The first two stories had no windows. We stood in the open doorway to the emergency wing, seeing nothing but piles of debris before the falloff to total darkness ten feet in front of us. Droplets from a storm thirty minutes prior echoing through a maze of halls and long-empty rooms somehow sounded completely deafening. Thank you, overactive imagination.
As a kid I was terrified of things I couldn’t see, and in some ways that hasn’t changed. Especially when I’m wandering through an abandoned and quarantined nine-story hospital.
Thank God Mike had been here before and knew his way to the staircase, because I was not about to go on the hunt through the emergency wing with an iPhone flashlight. With my sense of direction, I’d probably end up in the basement. Three minutes, two staircases, and a few “what the fuck was that?”s later, we found daylight.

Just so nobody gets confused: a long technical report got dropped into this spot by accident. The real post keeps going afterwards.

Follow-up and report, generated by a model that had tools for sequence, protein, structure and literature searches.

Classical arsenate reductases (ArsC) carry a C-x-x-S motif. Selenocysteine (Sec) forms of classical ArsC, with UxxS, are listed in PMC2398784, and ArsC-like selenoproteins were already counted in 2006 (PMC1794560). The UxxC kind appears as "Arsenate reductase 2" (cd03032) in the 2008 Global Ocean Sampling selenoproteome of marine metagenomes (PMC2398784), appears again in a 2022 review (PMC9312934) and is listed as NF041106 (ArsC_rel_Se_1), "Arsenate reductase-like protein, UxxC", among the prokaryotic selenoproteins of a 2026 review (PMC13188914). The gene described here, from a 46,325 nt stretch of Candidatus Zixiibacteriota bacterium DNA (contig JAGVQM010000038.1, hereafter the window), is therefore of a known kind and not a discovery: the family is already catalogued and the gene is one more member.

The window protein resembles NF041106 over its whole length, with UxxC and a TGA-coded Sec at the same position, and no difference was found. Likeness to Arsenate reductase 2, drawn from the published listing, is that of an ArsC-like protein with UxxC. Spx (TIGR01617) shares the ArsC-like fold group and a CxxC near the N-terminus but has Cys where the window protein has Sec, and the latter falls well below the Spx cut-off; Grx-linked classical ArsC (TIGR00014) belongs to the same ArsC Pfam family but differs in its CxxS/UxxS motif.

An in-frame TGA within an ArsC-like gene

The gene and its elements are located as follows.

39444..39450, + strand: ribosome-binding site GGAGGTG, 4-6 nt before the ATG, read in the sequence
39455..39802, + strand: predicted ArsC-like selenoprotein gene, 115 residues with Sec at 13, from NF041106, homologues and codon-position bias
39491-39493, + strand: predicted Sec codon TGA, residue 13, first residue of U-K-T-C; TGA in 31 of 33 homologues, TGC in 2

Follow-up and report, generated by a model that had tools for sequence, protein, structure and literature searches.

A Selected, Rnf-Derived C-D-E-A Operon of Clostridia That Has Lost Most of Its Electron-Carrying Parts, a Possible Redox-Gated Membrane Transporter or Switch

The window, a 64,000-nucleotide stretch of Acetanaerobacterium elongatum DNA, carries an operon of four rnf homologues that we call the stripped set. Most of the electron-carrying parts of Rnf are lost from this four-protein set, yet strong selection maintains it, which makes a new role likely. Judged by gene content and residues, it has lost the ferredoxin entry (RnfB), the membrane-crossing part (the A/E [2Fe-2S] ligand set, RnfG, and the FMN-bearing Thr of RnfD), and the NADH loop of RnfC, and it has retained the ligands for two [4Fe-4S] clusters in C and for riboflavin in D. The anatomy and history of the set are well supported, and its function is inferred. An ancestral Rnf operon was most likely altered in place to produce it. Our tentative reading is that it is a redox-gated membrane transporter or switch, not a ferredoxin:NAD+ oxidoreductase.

We climbed every floor. Each consisted of blown out walls, cigarette butts, tons of graffiti, open elevator shafts and evidence of a place that used to be full of families and prayer and grief and celebrations.
Our time on the roof made all the terror (even taking a wrong turn on the bottom floor on our way out) worth it. The views, the puddled reflections, the shattered glass and the most colorful graffiti we’d seen all day.
We made it all the way down and back into fresh air by sunset. My Toms have seen better days, but I think I’ve caught the abandoned building bug. I’m ready for more.